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International banking and liquidity risk transmission: lessons from the United Kingdom

Author

Listed:
  • Hills, Robert

    () (Bank of England)

  • Hooley, John

    () (International Monetary Fund)

  • Korniyenko, Yevgeniya

    () (International Monetary Fund)

  • Wieladek, Tomasz

    () (Bank of England)

Abstract

This paper forms the United Kingdom’s contribution to the International Banking Research Network’s project examining the impact of liquidity shocks on banks’ lending behaviour, using proprietary bank-level data available to central banks. Specifically, we examine the impact of changes in funding conditions on UK-resident banks’ domestic and external lending from 2006–12. Our results suggest that, following a rise in the liquidity shock measure, UK-resident banks that grew their balance sheets quicker relative to their peers pre-crisis, decreased their external lending by more relative to other banks, and increased their domestic lending. When we account for country of ownership, we find that the same pattern was true for both UK-owned and foreign-owned banks, but more pronounced for UK-owned banks’ domestic and foreign-owned banks’ external lending. These results are robust to splitting the data into real and financial sector lending, the use of more granular bilateral country loan data and controlling for the various banking system interventions made by governments in 2008–09.

Suggested Citation

  • Hills, Robert & Hooley, John & Korniyenko, Yevgeniya & Wieladek, Tomasz, 2015. "International banking and liquidity risk transmission: lessons from the United Kingdom," Bank of England working papers 562, Bank of England.
  • Handle: RePEc:boe:boeewp:0562
    as

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    File URL: https://www.bankofengland.co.uk/-/media/boe/files/working-paper/2015/international-banking-and-liquidity-risk-transmission-lessons-from-the-uk.pdf?la=en&hash=AAF6A568D3F9506717B0C9FC4180CAD09946FB96
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    References listed on IDEAS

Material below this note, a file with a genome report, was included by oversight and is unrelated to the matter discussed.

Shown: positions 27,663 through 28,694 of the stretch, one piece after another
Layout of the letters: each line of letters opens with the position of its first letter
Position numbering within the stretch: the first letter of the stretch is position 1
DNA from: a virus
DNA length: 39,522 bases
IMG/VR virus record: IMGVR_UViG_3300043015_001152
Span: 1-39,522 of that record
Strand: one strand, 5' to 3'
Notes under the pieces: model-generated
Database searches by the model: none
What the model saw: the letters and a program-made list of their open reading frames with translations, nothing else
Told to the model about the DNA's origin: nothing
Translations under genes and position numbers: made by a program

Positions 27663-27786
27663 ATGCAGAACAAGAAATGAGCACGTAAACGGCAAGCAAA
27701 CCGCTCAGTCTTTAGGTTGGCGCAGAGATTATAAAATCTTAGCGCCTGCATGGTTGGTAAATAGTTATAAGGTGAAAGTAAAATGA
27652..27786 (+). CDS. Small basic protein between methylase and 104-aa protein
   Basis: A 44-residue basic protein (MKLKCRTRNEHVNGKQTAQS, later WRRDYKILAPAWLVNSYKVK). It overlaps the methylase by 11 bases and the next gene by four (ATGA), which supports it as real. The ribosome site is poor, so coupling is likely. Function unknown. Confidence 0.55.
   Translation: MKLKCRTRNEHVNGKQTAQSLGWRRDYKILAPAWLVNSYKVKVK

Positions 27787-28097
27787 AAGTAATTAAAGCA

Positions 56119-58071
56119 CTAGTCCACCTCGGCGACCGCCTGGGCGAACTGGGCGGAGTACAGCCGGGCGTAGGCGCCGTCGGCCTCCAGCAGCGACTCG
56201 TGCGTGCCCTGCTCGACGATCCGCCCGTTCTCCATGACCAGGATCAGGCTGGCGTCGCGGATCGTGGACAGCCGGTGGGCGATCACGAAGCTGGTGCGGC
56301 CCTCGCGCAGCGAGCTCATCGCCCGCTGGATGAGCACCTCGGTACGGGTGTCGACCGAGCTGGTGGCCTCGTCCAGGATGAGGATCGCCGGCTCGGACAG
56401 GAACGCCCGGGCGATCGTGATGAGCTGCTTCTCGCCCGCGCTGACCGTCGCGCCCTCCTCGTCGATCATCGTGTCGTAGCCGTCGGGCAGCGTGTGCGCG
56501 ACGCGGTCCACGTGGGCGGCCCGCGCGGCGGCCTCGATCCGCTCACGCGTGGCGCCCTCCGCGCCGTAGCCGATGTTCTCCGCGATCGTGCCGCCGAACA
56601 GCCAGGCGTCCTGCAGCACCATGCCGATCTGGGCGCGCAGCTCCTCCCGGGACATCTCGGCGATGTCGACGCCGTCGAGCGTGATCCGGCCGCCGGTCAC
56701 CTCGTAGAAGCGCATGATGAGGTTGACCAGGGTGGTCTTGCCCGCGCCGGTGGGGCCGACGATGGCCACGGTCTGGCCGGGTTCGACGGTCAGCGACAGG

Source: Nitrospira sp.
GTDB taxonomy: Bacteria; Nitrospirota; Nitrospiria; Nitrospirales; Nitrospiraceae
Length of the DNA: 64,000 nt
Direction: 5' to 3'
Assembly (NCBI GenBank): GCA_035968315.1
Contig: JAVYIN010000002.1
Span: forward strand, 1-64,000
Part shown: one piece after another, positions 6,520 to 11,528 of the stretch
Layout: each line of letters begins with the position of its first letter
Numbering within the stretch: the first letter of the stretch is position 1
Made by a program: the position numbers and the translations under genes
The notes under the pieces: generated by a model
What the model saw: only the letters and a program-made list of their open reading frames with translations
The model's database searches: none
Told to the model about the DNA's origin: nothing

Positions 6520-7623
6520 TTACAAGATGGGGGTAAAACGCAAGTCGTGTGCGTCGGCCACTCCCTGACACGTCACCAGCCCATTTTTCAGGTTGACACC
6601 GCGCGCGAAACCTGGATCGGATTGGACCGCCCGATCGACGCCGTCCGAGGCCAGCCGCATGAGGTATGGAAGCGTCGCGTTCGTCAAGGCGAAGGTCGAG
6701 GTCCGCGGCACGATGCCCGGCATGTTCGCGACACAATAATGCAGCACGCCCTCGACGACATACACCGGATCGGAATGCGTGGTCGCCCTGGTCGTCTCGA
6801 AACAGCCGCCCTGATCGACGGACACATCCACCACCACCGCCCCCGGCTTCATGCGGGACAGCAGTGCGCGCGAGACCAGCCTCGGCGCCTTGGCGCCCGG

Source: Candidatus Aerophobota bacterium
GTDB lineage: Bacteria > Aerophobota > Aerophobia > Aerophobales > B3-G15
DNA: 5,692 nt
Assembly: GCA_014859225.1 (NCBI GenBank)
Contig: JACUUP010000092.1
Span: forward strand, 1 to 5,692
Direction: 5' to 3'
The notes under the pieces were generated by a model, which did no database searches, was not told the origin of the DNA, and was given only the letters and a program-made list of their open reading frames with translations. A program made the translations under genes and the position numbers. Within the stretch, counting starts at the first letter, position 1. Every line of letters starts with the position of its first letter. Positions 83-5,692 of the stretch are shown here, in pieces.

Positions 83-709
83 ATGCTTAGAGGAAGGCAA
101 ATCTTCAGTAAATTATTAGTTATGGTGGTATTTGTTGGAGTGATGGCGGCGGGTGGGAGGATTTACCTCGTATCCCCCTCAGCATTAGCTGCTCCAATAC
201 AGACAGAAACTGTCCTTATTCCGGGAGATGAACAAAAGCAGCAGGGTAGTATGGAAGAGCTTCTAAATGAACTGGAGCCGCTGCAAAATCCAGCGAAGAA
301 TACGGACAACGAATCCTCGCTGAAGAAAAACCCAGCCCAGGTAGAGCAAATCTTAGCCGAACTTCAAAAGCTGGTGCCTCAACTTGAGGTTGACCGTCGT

as
    1. Francis, William B. & Osborne, Matthew, 2012. "Capital requirements and bank behavior in the UK: Are there lessons for international capital standards?," Journal of Banking & Finance, Elsevier, vol. 36(3), pages 803-816.
    2. Andrew K. Rose & Tomasz Wieladek, 2014. "Financial Protectionism? First Evidence," Journal of Finance, American Finance Association, vol. 69(5), pages 2127-2149, October.
    3. Murphy, Emma & Senior, Stephen, 2013. "Changes to the Bank of England," Bank of England Quarterly Bulletin, Bank of England, vol. 53(1), pages 20-28.
    4. Bridges, Jonathan & Gregory, David & Nielsen, Mette & Pezzini, Silvia & Radia, Amar & Spaltro, Marco, 2014. "The impact of capital requirements on bank lending," Bank of England working papers 486, Bank of England.
    5. Banerjee, Ryan N. & Mio, Hitoshi, 2018. "The impact of liquidity regulation on banks," Journal of Financial Intermediation, Elsevier, vol. 35(PB), pages 30-44.
    6. Aiyar, Shekhar, 2011. "How did the crisis in international funding markets affect bank lending? Balance sheet evidence from the United Kingdom," Bank of England working papers 424, Bank of England.
    7. Davies, Richard & Richardson, Peter & Katinaite, Vaiva & Manning, Mark, 2010. "Evolution of the UK banking system," Bank of England Quarterly Bulletin, Bank of England, vol. 50(4), pages 321-332.
    8. Cornett, Marcia Millon & McNutt, Jamie John & Strahan, Philip E. & Tehranian, Hassan, 2011. "Liquidity risk management and credit supply in the financial crisis," Journal of Financial Economics, Elsevier, vol. 101(2), pages 297-312, August.
    Full references (including those not matched with items on IDEAS)

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    Cited by:

    1. Khemais Zaghdoudi & Abdelaziz Hakimi, 2017. "The Determinants of Liquidity Risk: Evidence from Tunisian Banks," Journal of Applied Finance & Banking, SCIENPRESS Ltd, vol. 7(2), pages 1-5.
    2. Sheng Huang & Jonathan Williams & Ru Xie, 2017. "The Future of Money: Liquidity co-movement between financial institutions and real estate firms: evidence from China," Working Papers 17004, Bangor Business School, Prifysgol Bangor University (Cymru / Wales).

    More about this item

    Keywords

    Liquidity shock; global financial crisis; cross-border and domestic lending.;

    JEL classification:

    • E44 - Macroeconomics and Monetary Economics - - Money and Interest Rates - - - Financial Markets and the Macroeconomy
    • E51 - Macroeconomics and Monetary Economics - - Monetary Policy, Central Banking, and the Supply of Money and Credit - - - Money Supply; Credit; Money Multipliers
    • E52 - Macroeconomics and Monetary Economics - - Monetary Policy, Central Banking, and the Supply of Money and Credit - - - Monetary Policy
    • G18 - Financial Economics - - General Financial Markets - - - Government Policy and Regulation
    • G21 - Financial Economics - - Financial Institutions and Services - - - Banks; Other Depository Institutions; Micro Finance Institutions; Mortgages

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